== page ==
Kermit Washington investigation: Should donors have suspected fraud?

Kermit Washington investigation: Should donors have suspected fraud?

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"It's a few bad apples that paint a bad picture," Rick Cohen, spokesman for the National Council of Nonprofits, an association of charities, tells the Monitor in a phone interview.

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Considering that in 2013 charitable contributions reached more than $335 billion, according to a 2014 report from Giving USA, it’s important for donors to know that their contributions are spent as promised, rather than getting diverted to support the lifestyles of the Kermit Washingtons of the world.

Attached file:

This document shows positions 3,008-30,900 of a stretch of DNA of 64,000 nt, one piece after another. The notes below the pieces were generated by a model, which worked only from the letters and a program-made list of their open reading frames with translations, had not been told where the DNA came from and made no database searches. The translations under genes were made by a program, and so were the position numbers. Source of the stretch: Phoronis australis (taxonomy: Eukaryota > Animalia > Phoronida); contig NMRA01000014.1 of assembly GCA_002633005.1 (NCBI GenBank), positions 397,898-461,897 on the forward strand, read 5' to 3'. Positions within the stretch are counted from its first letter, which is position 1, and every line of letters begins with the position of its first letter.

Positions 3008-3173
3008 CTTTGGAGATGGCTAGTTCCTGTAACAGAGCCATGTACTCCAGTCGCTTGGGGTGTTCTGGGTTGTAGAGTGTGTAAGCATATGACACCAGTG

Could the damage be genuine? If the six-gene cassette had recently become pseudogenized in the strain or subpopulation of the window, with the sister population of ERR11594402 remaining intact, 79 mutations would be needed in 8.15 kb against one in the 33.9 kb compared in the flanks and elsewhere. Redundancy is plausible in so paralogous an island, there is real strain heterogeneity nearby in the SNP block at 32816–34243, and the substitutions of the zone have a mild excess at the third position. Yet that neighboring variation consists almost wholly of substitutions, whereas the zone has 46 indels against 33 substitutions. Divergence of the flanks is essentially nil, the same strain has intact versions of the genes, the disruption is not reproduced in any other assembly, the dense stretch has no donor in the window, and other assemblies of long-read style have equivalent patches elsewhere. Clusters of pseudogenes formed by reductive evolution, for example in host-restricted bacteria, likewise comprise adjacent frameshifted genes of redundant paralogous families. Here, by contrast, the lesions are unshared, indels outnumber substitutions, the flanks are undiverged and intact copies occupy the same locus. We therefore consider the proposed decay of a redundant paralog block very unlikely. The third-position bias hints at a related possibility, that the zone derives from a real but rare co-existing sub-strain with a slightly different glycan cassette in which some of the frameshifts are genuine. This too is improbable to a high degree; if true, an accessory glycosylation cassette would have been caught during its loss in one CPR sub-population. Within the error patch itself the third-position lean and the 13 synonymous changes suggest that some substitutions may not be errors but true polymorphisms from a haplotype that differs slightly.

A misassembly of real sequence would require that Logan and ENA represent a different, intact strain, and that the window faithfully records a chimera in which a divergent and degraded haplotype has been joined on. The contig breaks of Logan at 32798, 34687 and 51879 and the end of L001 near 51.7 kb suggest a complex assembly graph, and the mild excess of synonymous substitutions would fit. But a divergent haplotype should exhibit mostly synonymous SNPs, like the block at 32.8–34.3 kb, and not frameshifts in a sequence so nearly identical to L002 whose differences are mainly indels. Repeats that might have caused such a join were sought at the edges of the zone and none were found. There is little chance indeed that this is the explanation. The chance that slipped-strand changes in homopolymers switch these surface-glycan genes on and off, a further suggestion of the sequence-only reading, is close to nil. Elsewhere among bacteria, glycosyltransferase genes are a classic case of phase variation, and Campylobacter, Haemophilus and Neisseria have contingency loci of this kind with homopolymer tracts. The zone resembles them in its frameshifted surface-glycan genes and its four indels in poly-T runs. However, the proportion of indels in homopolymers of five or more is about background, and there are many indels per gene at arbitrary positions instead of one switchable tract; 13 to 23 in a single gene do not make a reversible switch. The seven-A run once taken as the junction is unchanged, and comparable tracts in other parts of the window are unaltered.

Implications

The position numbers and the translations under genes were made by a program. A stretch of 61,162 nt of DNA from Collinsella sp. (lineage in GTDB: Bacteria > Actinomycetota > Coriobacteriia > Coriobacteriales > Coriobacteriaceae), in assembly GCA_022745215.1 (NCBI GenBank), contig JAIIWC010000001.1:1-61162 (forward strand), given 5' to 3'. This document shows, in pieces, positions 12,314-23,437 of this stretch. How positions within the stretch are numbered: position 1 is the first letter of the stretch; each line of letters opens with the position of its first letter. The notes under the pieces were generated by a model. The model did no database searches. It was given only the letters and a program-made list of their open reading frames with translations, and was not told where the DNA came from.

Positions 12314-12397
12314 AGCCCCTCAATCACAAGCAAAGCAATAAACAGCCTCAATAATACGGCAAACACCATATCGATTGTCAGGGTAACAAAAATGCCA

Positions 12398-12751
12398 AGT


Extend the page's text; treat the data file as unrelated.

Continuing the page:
“We recommend giving local or to a group that you have a connection to,” says Mr. Cohen. “If you’re giving to a local group, you can see the results of your donation or be engaged through volunteering,” he says.

But sometimes, a donor’s charitable aspirations are national or international. In those cases, there are myriad ways to investigate the legitimacy of a charity before handing over money. The caveat is that it takes some work.

“There is no magic bullet,” says McLean. 

A good first step toward quickly evaluating a nonprofit is to peruse its website to see if it’s transparent about its work, its staff and board members, and how much money it makes and spends. 

Source Name: 
The Christian Science Monitor
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